Hi - I'm reading that we should book train travel at least a month in advance, for travel between cities like Ghent and Luxembourg. We assume we could just purchase our tickets for the next leg of our travels when we arrived in a city. Do we need to book in advance? We are traveling in May, starting in Amsterdam, then Ghent, Luxembourg, ending in Brussel. Any info appreciated! Thanks!
There's a difference between daytrips and longer distances. You are not specific about your itinerary, but national rail companies are not dumb. They've seen what airlines can do with Advance Purchase Discounts and Non-Changeable, Non-Refundable Fares. You can be as free as the wind, but you'll have to pay for it. And you'll have to wait in line for a ticket window. In season, seat-reservation only trains can sell out. too.
Where do you read that, I wonder?
It's not even possible to book trains within Belgium and on to Luxembourg.
For Amsterdam to Antwerp (for Gent) or Brussels, you have the choice between:
- faster Thalys trains that you can book up to 120 days in advance. You need to take the train you booked, and they can get expensive closer to the date.
- slightly slower intercity trains that don't need to be booked ahead, but if you know on which day you travel, then you should book, because it is cheaper and you can still use any train that day.
An excellent resource is "the man in Seat 61" website for all things train related.
I beg to differ about driving. Cars can be helpful for specific travel plans, and for hitting three attractions in one day, if they're not too far apart. But even ten years ago, my wife often worked in Beerse, Belgium, but preferred to sleep in Antwerp. Her short-ish trip each morning was like taking the Long Island Expressway (or the Schuylkill Expressway, take your choice ... ) for the same distance during rush hour: Bumper to Bumper. One day, a reckless motorcyclist swerving between stopped cars hit her side mirror. Whatever happened to the Hell's Angel, he keep going ...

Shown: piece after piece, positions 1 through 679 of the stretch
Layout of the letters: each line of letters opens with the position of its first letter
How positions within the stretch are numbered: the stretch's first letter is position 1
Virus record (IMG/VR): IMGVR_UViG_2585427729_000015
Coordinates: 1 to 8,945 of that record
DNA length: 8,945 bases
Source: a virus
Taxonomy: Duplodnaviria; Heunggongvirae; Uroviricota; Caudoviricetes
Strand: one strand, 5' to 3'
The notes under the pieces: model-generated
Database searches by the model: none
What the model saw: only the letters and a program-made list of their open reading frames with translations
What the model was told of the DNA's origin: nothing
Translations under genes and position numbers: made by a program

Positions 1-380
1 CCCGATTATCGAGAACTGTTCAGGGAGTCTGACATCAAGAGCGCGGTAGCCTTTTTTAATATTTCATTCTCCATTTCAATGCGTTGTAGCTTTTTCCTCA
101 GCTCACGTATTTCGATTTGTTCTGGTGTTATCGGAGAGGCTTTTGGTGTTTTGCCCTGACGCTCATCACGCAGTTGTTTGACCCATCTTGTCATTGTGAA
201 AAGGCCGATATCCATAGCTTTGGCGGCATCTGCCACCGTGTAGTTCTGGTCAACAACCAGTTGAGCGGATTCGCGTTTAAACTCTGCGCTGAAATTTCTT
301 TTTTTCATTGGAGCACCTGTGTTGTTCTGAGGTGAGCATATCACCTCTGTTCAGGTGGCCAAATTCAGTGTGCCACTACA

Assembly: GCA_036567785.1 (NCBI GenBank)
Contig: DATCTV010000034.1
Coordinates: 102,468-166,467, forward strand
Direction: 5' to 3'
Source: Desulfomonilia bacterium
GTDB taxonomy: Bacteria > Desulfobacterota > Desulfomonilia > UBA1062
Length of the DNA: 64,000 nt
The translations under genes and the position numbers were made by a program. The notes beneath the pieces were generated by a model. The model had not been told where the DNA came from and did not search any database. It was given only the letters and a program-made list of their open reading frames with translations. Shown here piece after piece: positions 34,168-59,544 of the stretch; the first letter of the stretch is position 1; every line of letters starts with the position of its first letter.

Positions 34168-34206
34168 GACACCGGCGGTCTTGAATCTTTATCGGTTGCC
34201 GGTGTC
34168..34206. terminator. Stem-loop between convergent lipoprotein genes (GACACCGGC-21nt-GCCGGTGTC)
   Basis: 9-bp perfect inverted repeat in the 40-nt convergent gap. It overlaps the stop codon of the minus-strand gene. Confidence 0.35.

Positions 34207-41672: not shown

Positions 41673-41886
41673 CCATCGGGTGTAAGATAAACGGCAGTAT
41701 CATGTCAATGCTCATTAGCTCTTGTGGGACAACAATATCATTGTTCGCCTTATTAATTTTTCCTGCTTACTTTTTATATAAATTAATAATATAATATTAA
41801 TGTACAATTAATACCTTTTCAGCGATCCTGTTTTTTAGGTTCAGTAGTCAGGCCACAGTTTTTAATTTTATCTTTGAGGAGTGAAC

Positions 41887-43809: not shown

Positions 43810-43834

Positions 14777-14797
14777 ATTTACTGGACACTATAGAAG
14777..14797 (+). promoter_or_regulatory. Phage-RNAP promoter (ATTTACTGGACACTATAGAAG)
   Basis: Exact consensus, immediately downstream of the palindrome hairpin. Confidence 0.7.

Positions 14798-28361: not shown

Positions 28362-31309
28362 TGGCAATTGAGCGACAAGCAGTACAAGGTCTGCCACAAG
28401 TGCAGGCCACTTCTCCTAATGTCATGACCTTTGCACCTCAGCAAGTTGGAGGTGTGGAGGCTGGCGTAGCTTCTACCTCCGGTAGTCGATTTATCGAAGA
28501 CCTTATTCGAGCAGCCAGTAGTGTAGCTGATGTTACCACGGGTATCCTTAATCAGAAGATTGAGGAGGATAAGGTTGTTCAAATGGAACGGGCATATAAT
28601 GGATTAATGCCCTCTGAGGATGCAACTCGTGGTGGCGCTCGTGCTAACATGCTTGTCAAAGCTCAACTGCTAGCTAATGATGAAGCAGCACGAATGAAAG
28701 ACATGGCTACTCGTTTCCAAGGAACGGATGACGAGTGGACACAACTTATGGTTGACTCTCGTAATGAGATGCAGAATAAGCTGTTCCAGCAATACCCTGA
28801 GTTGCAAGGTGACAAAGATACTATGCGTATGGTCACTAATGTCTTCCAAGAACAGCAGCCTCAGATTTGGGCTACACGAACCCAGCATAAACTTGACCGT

It isn't just parking in historic districts, it's one-travel-lane curved medieval streets, archways built for horse-carts, and parking stalls (and garage ramps) so economically narrow that they'd be illegal at The Mall of America.
I wouldn’t use a car for driving between these places. In theory a car is quicker but not so sure about this in the real world. Antwerp and Brussels are notorious for traffic jams, you can easily loose a half hour and even more. If you are not used to drive in Ghent it will become a real challenge finding your way there.
Traveling with two even the costs of highspeed trains can be competitive if booked well ahead. For exploring the countryside in that case a car is to prefer. For tickets and time tables you can use this Belgian website (select "International travel" for cross border trains).: https://www.belgiantrain.be/en?journey=0
Or this Dutch website: https://www.nsinternational.com/en
If you're sure of your itinerary, buy your tickets in advance. I typically buy tickets the same day or the day before, however, and I've never had a problem. For me, the flexibility is well worth the extra cost.
Thank you all for such good information, especially the website, "the man in seat 61" website - thanks!
As for driving, we are retired seniors who would rather relax on a train than figure out roads/signs, although we did drive in Europe when we were younger. We take our time, see fewer places, but more in depth. Happy traveling!
Camille, thanks for the additional information that you are both seniors and prefer not to drive.
We can save you a bit of money.
Internal travel in Luxembourg (the whole country, not just the city) is free for all now in 2nd class. From the official website of CFL, "Public transport within the Grand Duchy of Luxembourg is free to use for all, except in 1st class by train. Discover our offers for your 1st class travel in Luxembourg and find out about our points of sale. All tickets are valid on all forms of public transport in Luxembourg." https://www.cfl.lu/en-gb#nav-main-0
Seniors get a real bargain in Belgium. https://www.belgiantrain.be/en is the main entry to the Belgian train website, and then have a look at https://www.belgiantrain.be/en/tickets-and-railcards/senior-ticket How does 7.20€ each return (round trip) for each of you sound - to anywhere in Belgium from anywhere in Belgium? Just have an extra cup of coffee in the morning and start your travel after 9am M-F or anytime on the weekend.
Want to go to Luxembourg? Senior ticket to the last Belgian station and cheap ticket from there to the first Luxembourg station, then free.